by Niki Tudge
Many people working professionally in the pet care industry have different letters or alphabet soup as I term it behind their names, in their email signature and on their business cards. There is a selection of colleges, online schools and professional workshops that will issue credentials to pet care professionals. These credentials vary and range from credentials for dog training, pet care and/or dog behavior counseling.
If you are thinking of becoming a pet care professional or opening your own pet care and dog training business it is important that you have a solid theoretical background in a selection of topics. You will need hours of hands on skill training for both dogs and humans and you will need to align yourself with an organization with supports your continued growth and has an invested interest in your success. A strong business mentor is a huge asset to any small business. You will also need a selection of business skills to support your operational skills. Marketing skills are crucial so you can strategically position your business and deliver your products and services to your clients. A basic understanding of business finance is also critical to the success of a small business, you need to make sound financial decisions and remain solvent.
One of the most important questions you must answer is whether you want to be a dog trainer, a behavior counselor, a pet care provider or a pet care expert who can offer a wide array of services across all three disciplines. As an individual thinking of moving into the pet care business this is a critical question as a huge number of your clients will require both dog training expertise and behavior counseling knowledge.
Dog Trainers can help their clients build dog obedience behavior repertoires. Training involves teaching a dog new skills such as teaching a ‘sit/stay’ to prevent the dog from begging at the table or teaching the dog to ‘come’ when the owner wants the dog to return to them. Behavior Counseling is when you work with a client to change an existing problematic behavior; you teach the dog an alternative response to a set of circumstances.
Many behavioral problems present themselves with some element of fear often exhibited as an emotional response such as anxiety, anger or frustration. Fear is a very normal “self protective” response for dogs. In order for dogs to survive they have to be good at adapting to and reacting to dangerous situations. Fear in dogs is either innate fear, which means it, has an evolutionary significance such as a fear of loud noises, strangers, isolation or fire or the fear is ontogenic with means it has been learned through experiences. Changing a problematic behavior, a conditioned emotional response requires an understanding of learning theory and a selection of behavior change protocols.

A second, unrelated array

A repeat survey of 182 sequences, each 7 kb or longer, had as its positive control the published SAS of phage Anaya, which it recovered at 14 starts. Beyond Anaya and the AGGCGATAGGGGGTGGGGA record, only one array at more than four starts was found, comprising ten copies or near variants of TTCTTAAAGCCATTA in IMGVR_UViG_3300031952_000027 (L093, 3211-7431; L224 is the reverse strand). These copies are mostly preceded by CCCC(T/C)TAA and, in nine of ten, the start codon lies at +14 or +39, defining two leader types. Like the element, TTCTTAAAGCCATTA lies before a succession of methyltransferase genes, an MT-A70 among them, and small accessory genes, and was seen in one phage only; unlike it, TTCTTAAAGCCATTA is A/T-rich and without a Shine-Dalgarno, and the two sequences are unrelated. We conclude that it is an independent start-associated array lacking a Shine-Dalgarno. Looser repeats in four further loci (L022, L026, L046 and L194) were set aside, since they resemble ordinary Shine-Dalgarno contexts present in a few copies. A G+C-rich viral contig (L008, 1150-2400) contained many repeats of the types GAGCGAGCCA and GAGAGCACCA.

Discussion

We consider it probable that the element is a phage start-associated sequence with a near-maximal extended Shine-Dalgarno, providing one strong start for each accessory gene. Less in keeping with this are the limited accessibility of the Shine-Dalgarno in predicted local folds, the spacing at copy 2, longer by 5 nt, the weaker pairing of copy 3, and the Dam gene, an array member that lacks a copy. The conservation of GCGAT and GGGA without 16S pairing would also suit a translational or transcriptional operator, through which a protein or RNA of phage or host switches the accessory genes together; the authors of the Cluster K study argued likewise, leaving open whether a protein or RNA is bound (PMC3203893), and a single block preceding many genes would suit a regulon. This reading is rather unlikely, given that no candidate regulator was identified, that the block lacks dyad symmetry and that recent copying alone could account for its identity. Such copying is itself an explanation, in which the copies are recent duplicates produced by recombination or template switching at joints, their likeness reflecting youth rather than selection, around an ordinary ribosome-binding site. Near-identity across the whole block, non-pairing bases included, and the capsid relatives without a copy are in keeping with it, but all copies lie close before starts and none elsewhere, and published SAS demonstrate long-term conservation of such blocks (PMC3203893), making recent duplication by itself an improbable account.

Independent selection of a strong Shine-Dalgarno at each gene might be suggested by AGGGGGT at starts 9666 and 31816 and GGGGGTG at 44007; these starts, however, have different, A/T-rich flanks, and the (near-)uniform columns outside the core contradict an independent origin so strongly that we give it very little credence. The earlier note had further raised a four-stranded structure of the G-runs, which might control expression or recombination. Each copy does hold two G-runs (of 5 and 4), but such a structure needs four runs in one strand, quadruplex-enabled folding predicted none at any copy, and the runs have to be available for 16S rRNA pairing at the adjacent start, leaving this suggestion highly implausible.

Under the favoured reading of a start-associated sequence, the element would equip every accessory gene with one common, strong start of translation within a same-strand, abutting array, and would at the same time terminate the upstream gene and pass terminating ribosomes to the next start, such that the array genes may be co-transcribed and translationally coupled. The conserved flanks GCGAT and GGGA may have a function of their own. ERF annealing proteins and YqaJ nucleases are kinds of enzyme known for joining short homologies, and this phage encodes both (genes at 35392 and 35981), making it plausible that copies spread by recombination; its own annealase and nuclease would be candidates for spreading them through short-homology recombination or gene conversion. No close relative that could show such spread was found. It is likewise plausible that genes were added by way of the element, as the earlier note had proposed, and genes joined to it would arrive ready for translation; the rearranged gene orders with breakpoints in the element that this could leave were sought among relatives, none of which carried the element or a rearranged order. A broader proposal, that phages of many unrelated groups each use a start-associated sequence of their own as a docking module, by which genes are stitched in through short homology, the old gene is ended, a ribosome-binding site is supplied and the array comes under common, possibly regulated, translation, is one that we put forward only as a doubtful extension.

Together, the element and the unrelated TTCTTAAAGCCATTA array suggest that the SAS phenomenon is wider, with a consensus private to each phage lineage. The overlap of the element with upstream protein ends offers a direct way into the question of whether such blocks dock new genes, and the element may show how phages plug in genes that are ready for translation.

A national survey completed in 1996 by Goodloe and Borchelt found that fear is the common emotional factor motivating a dog’s behavior. Fear is elicited by a variety of unconditioned and conditioned stimuli like any other form of emotional arousal and reflex actions. This is one of the key reasons why aggression in dogs cannot be handled with aggression by humans. If the underlying factor of the dogs aggression is fear then being rough handed or using other methods that elicit fear in the dog only compound the problem.
The results of the survey conducted by Goodloe and Borchelt showed that from a pool of 2018 dogs,: 38% said their dogs showed some fear toward loud noises, 22% reported fear toward unfamiliar adults, 33% were fearful toward unfamiliar children and 14% exhibited fear toward unfamiliar and non threatening dog. Because of this if you are considering a career in dog training you need to look at options that educate you and support your growth as a dog trainer and a behavior counselor. Your clients will appreciate it and your bottom line will benefit.
Talk to the DogSmith about any behavioral problems you may have or learn how you can become a DogSmith Dog Trainer or Behavior Consultant